Montenegro make haste to major tournament
When Fabio Capello and his team walk out at Wembley on Tuesday for their latest Euro 2012 qualifying tie against Montenegro, they will come up against a name only too familiar to those associated with English football.
Taking his place in the opposition's dugout will be Zlatko Kranjcar, father of Tottenham midfielder Niko and manager of Montenegro - arguably the greatest threat to England's chances of reaching the finals in Poland and the Ukraine.
Under the shrewd leadership of the much-travelled Kranjcar, who took over in February, Montenegro have made a perfect start to their campaign to qualify for a first tournament as an independent nation since splitting from Serbia in 2006, winning all three games against Wales, Bulgaria and Switzerland 1-0 to top Group G.
It already looks as though The Brave Falcons will provide England with their sternest test in qualification, though Kranjcar does not believe it is realistic to suggest his team can finish top of the group and automatically reach the Euros.
"After a good start I am seriously thinking now about second position and the play-offs," an upbeat Kranjcar told me on the eve of the biggest match in Montenegro's fledgling football history. "I consider myself as a realistic optimist, especially as we just beat Switzerland in Podgorica.
Kranjcar believes talisman Vucinic holds the key to Montenegro hopes. Photograph: Reuters
"We are arriving relaxed, with no 'result' pressure on us. Playing against England at Wembley is a huge motivation for my players and if we manage to use it alongside tactical discipline we might just be able to surprise our hosts.
"I know England will be ready for us, that they will approach the game very seriously after some bitter experiences against Balkan teams such as Croatia. They have no real weaknesses when they play with the right motivation. Our goal is to present our football in the best possible way and show to the world that our previous results were not a coincidence."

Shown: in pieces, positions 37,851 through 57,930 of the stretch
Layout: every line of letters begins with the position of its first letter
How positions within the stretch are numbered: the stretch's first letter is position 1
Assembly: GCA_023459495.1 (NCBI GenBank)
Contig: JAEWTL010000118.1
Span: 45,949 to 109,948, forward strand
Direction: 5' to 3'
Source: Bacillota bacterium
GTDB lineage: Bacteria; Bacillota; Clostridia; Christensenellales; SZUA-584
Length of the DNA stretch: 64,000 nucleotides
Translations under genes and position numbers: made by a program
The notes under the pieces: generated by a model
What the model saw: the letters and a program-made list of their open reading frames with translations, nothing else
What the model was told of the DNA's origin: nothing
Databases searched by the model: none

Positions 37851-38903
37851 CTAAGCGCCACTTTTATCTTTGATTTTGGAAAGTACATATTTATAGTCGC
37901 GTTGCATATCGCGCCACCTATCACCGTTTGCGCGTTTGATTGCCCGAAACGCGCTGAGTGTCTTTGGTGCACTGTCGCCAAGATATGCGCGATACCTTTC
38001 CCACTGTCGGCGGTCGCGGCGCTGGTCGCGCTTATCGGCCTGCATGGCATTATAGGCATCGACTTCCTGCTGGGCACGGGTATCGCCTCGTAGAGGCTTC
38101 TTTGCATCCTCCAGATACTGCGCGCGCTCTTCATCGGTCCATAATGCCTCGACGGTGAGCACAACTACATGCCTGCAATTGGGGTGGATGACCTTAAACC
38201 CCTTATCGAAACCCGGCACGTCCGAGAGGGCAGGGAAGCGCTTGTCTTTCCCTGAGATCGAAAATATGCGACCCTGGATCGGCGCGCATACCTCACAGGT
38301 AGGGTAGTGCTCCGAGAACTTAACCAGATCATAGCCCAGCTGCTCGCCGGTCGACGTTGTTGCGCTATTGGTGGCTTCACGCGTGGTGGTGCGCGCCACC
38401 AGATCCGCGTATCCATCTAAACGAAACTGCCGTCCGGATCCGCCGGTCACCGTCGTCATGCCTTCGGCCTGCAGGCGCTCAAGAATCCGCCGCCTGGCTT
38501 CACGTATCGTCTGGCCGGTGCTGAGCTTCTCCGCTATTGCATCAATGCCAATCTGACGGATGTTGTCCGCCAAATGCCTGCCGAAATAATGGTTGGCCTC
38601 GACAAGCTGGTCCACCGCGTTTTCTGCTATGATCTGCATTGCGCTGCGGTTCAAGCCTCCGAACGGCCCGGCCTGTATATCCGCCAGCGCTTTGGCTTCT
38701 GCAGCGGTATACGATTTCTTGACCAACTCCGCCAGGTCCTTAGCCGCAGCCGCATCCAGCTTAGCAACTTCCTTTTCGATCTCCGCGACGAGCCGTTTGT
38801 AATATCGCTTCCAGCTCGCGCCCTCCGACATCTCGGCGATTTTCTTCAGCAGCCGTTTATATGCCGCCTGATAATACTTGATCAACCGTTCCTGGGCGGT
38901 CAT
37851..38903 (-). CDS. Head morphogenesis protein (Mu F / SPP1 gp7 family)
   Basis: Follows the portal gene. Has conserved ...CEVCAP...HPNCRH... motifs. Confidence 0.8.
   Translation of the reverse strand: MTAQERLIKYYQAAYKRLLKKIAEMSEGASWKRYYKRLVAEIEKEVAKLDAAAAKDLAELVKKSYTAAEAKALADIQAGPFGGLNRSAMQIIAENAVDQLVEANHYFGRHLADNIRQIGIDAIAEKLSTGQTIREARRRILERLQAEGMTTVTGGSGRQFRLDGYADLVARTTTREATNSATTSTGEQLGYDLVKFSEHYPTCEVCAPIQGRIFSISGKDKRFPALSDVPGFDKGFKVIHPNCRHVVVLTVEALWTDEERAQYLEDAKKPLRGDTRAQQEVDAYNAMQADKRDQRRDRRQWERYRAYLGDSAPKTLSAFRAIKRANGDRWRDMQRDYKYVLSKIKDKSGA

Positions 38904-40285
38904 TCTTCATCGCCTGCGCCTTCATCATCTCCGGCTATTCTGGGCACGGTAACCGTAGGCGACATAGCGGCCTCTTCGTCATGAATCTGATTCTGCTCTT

It is unlikely that the fastidious Capello will have put Montenegro's hat-trick of victories down to mere luck. This is a team that, despite the country's population of fewer than 700,000 (less than that of Birmingham), contains some very good footballers and they have the added threat of patriotic fervour, of being desperate to take their country to a major tournament for the first time.
Kranjcar, who captained Croatia in their first international match as an independent nation in 1990 against the United States, knows what is at stake for the Montenegrins and believes he has the resources at his disposal to turn a nation's dream into reality.
"We have a group of players who are strong characters full of pride, especially when they are playing under the national flag," he said. "I think our defence have all played very well so far, especially Marko Basa and goalkeeper Mladen Bozovic. [Sporting Lisbon midfielder] Simon Vukcevic is also a great individual player, with talent to sell. We are a small country and every player is very valuable for us.
"One of the most important things is the team spirit. My job was to convince the players that they have the quality to compete on the highest level, to give them the self confidence they were missing in the qualifiers for World Cup.
"I know their value and that gives me the right to teach them and motivate them to be on the top of their game when needed."
Right at the top of his game is Roma striker Mirko Vucinic, a footballer of sublime talent who is far and away the biggest danger to England - especially as the centre of Capello's defence will be different for a sixth successive match.